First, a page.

There’s absolutely no drama when the 6 GT launches off the line (hardly any wheel-spin) while the eight-speed transmission shunts torque down to the rear wheels. The 100kmph mark comes up in 6.69 seconds, and even overtaking is a breeze since the 40-100kmph and 20-80kmph runs in kick-down take just 5.15 and 4.15 seconds. What’s also nice about this motor is that it lets out a strong throaty roar at the higher spectrum at about 6300 revs. Plus, the transmission also sportily downshifts to the red-line.
Having said this, there are pre-set driving modes to suit variable driver requirements in terms of damping, engine and gearbox response, and steering feedback. These include Sport, Comfort, Comfort+, Eco Pro and Adaptive. We noticed that ‘Eco Pro’ offers the best fuel efficiency since its responses are mild. Comfort mode is more responsive than Eco Pro as it holds lower gears longer before upshifting.
In ‘Sport’, however, the transmission holds lower gears for instant thrust which makes it ideal if all you’re looking at is maximum performance. Plus, it is also customisable where the engine, transmission, damping and steering characteristics can be toggled between Sport and Comfort. Adaptive mode, on the other hand, learns from your driving style and automatically sets the parameters.
With the 630i riding on air springs, it’s a given that the ride quality was going to be plush. That said, in Sport mode the suspension gets firmer and the sharp bumps can be felt within the cabin at slow speeds. But Eco Pro and Comfort modes just flatten out most road imperfections at slower speeds with hardly anything transmitted into the cabin. Pick up the pace and all modes help in superior damping. But there’s no running away from the characteristic air-suspension up-and-down motion at higher speeds which is more pronounced in Eco Pro and Comfort modes.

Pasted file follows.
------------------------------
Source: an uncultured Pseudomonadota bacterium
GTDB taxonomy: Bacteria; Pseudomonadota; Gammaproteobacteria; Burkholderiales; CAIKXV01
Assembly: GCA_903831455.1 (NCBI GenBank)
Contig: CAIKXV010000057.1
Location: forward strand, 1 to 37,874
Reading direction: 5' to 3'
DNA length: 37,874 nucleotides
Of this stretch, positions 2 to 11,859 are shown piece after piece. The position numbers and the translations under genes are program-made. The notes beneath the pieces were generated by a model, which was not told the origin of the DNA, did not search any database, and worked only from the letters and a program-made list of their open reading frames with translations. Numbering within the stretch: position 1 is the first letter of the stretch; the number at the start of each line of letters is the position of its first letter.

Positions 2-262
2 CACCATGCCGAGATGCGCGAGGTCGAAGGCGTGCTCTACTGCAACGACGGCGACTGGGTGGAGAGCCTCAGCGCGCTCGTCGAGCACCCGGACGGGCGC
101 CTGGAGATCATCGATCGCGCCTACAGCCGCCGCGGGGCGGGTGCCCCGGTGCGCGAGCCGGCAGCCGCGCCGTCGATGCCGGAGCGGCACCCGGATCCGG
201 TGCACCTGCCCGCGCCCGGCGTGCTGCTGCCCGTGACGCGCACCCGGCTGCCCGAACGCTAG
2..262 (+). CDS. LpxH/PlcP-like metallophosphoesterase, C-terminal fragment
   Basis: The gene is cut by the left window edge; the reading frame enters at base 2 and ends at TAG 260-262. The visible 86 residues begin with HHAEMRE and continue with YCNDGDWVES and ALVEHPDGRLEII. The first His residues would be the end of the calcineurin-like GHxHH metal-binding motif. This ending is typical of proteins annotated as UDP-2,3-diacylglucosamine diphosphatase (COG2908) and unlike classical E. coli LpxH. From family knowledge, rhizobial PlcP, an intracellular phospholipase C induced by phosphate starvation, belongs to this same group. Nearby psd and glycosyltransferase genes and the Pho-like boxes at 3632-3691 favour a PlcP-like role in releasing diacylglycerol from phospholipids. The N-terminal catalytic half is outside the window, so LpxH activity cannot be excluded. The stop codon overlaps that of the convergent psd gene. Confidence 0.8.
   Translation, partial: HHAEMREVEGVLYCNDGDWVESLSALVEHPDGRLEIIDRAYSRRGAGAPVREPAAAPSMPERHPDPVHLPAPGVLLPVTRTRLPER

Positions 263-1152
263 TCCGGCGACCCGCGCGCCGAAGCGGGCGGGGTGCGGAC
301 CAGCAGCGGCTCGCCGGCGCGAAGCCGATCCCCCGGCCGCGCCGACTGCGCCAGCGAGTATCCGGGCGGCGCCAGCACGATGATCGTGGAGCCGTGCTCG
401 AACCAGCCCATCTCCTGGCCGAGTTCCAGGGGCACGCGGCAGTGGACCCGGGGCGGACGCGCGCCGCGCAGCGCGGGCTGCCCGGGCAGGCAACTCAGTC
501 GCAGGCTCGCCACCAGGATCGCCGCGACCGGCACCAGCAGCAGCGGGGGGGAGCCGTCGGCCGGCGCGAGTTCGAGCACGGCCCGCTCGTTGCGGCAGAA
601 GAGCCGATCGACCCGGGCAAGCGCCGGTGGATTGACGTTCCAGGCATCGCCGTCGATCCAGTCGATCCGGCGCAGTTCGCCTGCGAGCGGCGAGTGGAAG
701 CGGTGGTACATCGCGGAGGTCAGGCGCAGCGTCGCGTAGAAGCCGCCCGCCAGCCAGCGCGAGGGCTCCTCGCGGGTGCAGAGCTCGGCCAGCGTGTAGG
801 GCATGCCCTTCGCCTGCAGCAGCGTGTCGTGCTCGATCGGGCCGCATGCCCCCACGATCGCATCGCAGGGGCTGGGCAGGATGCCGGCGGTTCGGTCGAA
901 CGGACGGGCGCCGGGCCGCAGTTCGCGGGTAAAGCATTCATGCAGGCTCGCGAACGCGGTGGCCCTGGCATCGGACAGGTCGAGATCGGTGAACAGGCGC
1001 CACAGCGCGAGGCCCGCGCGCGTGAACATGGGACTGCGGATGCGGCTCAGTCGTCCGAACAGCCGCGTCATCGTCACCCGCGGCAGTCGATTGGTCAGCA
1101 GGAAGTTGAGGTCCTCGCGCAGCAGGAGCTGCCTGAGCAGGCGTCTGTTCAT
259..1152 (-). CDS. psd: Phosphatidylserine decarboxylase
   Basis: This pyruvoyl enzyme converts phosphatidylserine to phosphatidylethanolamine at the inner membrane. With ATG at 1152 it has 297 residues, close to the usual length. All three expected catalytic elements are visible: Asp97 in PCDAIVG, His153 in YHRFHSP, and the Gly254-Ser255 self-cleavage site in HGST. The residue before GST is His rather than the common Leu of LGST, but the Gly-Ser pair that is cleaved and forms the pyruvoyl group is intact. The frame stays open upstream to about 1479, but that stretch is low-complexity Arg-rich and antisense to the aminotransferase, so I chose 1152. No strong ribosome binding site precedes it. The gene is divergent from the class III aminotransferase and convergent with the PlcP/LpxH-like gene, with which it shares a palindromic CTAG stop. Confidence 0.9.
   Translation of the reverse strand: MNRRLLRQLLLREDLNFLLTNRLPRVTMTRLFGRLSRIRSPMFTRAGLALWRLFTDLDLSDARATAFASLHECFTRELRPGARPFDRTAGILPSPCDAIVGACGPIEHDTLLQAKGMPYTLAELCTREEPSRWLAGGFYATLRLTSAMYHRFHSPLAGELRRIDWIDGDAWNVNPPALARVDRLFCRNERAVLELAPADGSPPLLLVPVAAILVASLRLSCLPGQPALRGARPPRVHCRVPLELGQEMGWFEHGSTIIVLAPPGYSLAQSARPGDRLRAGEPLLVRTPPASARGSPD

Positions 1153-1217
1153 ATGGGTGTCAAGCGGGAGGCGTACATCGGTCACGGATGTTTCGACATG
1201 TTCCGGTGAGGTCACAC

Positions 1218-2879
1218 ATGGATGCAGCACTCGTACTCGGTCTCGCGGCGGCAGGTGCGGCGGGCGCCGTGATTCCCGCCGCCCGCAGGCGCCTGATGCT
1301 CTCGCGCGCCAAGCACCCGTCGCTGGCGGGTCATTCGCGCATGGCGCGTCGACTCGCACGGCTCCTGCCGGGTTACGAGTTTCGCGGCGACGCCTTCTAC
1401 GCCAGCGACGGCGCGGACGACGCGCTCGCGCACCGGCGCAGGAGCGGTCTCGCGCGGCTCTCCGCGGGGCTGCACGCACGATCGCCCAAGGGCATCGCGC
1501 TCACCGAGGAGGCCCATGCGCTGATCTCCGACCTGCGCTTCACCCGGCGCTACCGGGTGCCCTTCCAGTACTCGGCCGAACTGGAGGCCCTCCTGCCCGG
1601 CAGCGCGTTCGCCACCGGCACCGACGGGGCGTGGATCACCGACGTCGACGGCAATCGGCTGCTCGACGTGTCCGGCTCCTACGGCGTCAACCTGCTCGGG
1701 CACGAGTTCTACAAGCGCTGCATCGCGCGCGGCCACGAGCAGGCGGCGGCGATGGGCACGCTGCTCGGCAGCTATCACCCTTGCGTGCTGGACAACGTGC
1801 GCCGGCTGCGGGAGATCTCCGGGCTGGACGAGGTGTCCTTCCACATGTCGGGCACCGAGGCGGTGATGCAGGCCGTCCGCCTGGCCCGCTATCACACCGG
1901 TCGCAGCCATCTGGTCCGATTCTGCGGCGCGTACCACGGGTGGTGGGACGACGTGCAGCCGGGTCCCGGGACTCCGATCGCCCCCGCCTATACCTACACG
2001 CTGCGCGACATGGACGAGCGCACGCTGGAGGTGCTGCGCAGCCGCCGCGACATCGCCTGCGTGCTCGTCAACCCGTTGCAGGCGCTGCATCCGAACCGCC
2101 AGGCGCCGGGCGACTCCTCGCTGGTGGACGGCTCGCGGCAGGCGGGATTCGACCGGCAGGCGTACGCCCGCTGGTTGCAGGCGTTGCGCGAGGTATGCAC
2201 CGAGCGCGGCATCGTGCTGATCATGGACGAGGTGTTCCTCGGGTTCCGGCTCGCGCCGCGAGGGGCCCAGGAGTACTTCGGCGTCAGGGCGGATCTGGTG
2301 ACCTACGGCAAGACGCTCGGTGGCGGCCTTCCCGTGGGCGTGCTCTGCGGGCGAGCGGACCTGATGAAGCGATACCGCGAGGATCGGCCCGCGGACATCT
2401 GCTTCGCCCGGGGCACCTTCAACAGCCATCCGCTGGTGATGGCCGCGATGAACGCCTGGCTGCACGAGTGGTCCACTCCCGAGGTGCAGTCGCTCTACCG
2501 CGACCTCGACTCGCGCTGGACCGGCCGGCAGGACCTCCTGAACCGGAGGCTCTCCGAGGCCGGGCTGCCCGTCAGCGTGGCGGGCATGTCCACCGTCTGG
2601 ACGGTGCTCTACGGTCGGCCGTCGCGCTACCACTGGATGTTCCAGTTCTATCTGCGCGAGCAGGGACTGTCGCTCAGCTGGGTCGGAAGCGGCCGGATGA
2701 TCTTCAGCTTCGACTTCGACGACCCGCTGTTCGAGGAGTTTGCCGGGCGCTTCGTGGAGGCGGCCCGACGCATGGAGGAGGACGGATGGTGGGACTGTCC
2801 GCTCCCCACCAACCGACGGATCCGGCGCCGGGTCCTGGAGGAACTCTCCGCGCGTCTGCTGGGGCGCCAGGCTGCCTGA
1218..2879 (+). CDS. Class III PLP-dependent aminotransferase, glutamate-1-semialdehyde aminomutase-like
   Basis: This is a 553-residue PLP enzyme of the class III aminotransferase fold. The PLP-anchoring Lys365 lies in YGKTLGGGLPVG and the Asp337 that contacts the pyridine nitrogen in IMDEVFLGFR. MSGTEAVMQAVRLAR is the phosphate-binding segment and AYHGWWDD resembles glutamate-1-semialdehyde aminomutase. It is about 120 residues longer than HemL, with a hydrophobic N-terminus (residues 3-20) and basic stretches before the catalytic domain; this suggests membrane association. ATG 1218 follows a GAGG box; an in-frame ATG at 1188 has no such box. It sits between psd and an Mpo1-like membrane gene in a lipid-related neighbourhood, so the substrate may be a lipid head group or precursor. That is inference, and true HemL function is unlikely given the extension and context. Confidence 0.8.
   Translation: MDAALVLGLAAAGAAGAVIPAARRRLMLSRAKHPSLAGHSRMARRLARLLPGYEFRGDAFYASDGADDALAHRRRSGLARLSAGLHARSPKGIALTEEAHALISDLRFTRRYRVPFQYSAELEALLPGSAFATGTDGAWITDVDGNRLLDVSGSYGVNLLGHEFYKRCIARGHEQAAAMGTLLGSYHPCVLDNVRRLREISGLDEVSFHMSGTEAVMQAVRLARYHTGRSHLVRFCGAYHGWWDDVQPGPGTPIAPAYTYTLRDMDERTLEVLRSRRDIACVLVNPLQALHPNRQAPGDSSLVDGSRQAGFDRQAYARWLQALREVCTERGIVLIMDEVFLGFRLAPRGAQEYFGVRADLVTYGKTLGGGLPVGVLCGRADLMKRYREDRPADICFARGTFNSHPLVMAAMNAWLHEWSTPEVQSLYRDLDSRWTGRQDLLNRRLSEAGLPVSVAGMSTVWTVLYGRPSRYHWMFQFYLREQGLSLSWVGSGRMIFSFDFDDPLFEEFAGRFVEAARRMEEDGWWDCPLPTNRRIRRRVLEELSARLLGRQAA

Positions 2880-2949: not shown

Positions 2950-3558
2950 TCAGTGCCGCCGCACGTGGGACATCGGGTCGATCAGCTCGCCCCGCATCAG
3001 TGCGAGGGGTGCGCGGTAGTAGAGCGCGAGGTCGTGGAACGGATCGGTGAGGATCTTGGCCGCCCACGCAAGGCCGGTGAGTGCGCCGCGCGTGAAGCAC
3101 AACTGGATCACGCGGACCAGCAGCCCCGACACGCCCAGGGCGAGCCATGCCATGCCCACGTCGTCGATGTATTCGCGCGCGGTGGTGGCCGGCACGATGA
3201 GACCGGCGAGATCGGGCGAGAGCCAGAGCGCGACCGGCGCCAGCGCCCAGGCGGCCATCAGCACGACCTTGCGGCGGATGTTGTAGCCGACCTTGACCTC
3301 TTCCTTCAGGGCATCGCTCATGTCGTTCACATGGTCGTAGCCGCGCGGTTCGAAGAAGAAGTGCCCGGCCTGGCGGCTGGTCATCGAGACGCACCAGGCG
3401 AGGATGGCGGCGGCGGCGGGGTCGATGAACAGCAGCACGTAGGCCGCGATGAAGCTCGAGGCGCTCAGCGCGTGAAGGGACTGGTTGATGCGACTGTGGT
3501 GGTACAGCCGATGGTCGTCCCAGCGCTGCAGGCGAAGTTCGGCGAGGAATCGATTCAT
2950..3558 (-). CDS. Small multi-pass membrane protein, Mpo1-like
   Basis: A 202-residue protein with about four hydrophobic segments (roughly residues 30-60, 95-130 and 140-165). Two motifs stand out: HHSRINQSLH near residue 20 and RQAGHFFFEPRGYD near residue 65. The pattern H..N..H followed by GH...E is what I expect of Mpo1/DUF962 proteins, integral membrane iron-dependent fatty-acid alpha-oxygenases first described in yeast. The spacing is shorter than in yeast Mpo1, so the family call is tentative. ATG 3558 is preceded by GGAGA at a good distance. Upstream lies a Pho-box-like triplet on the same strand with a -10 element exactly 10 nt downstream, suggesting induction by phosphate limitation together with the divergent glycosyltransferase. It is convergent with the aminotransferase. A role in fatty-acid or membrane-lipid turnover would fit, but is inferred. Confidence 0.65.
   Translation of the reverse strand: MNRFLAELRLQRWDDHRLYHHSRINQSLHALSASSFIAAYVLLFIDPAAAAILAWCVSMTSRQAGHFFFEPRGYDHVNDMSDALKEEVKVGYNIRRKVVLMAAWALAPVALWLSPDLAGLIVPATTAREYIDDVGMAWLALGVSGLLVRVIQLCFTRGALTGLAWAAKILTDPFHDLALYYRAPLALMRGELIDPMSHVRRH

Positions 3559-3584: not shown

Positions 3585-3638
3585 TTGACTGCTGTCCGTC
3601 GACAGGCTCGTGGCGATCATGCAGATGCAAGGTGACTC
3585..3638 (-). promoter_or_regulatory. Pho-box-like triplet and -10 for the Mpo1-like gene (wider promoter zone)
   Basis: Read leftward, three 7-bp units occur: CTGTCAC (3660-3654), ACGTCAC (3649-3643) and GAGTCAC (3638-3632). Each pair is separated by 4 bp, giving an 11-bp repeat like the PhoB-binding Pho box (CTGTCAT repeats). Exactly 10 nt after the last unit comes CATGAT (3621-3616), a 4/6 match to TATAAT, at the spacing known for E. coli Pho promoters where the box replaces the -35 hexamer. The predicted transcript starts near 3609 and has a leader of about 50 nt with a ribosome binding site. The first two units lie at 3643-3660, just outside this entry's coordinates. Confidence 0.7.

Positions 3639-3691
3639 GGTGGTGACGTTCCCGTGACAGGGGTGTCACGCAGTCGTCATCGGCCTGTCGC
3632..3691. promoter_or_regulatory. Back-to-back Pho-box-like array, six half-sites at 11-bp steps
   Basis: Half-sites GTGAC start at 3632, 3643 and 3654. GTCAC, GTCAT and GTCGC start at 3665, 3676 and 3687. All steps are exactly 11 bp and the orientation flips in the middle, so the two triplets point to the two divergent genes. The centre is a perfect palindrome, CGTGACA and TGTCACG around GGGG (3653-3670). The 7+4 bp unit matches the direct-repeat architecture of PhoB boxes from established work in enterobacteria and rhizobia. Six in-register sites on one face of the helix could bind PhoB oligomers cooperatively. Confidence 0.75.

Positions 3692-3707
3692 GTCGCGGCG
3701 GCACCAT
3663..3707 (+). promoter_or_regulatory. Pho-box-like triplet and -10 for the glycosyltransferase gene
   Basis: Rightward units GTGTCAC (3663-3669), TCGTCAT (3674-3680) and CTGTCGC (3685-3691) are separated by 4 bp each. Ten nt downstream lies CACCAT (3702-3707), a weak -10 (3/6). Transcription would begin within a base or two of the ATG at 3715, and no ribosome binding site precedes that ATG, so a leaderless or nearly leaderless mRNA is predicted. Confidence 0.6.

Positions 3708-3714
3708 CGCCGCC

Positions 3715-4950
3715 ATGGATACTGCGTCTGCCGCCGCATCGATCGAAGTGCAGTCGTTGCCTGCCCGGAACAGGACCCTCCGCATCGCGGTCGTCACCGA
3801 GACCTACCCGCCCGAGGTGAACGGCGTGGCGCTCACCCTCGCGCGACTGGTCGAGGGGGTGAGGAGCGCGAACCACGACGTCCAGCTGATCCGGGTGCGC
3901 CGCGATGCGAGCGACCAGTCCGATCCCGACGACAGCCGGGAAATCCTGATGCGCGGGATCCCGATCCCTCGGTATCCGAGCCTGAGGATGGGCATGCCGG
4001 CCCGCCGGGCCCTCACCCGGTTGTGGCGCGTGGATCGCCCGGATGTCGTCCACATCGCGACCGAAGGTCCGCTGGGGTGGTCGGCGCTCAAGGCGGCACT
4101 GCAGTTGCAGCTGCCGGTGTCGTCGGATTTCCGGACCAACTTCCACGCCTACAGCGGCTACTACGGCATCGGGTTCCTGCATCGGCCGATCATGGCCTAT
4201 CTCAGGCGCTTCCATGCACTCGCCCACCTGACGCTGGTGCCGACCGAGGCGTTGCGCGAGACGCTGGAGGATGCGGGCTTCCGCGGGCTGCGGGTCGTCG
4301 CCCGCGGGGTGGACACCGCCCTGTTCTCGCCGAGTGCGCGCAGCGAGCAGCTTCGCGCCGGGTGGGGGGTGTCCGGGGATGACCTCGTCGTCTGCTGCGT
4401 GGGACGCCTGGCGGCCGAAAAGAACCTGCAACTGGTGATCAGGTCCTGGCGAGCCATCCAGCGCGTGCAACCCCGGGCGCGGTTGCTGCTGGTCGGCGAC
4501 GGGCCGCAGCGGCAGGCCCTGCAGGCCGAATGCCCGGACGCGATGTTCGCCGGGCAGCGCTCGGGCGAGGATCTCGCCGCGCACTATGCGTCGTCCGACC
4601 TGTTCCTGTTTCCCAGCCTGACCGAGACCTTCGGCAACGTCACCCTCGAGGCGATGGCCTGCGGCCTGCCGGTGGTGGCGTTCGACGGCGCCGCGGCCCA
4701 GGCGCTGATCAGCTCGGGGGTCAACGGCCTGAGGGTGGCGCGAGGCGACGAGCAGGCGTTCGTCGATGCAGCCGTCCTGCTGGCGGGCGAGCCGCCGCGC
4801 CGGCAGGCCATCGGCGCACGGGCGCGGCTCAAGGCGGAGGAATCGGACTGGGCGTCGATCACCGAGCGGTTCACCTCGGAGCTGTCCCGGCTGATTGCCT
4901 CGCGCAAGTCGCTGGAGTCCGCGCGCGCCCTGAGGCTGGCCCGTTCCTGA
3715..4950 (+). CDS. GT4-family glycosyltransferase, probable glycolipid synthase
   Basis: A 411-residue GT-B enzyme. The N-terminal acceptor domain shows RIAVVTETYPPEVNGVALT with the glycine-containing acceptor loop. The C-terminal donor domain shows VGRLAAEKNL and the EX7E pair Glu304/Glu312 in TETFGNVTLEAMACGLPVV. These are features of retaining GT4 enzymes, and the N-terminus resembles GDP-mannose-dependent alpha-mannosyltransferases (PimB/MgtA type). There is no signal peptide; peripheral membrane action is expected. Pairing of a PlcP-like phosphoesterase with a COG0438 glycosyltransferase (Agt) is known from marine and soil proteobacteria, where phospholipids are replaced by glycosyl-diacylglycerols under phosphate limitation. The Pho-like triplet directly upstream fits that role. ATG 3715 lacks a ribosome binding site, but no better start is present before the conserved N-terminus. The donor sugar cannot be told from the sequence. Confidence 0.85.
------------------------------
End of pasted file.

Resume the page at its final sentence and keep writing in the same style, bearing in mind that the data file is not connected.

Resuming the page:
Steering the BMW 630i seems effortless despite its size thanks to the accurate feedback. While it feels considerably light in Eco-Pro and Comfort mode, ‘Sport’ appears to be heavier along with quicker responses too. We admit that the confidence inspired through its steering, coupled to the rigid frame lends the 630i good stability especially at highway speeds. Of course, there is some roll around tight corners since it is a huge car, but it never really gets unnerving.
Should I buy one?
All in all, BMW’s 630i GT costs Rs 72.54 lakhs and seems a direct competitor to Mercedes-Benz’ E 200 (due to its extravagant rear cabin space) which retails for Rs 68.8 lakhs (both prices on-road Mumbai). Frankly speaking, other than the looks, there’s very little that one may dislike about the 630i GT. It boasts of a spacious and comfortable cabin that oozes quality and a premium feel. Then there’s the adequate boot space for that road trip you’d planned, a cozy ride quality and just about the right amount of grunt from its engine.
For those who love to drive, even its handling is more than adequate to bring a smile to your face. Practically speaking, we believe the 630i GT interestingly ticks all the boxes and is quite the GT car.
Where does it fit in?
Pull the Merc E 200 out of the equation and the 6 Series GT can compete price-wise with cars like the Audi A5 (fastback coupe). There’s also the option of buying the regulars such as the Audi A6, Volvo’s S90, and the Lexus ES.
Pictures: Kaustubh Gandhi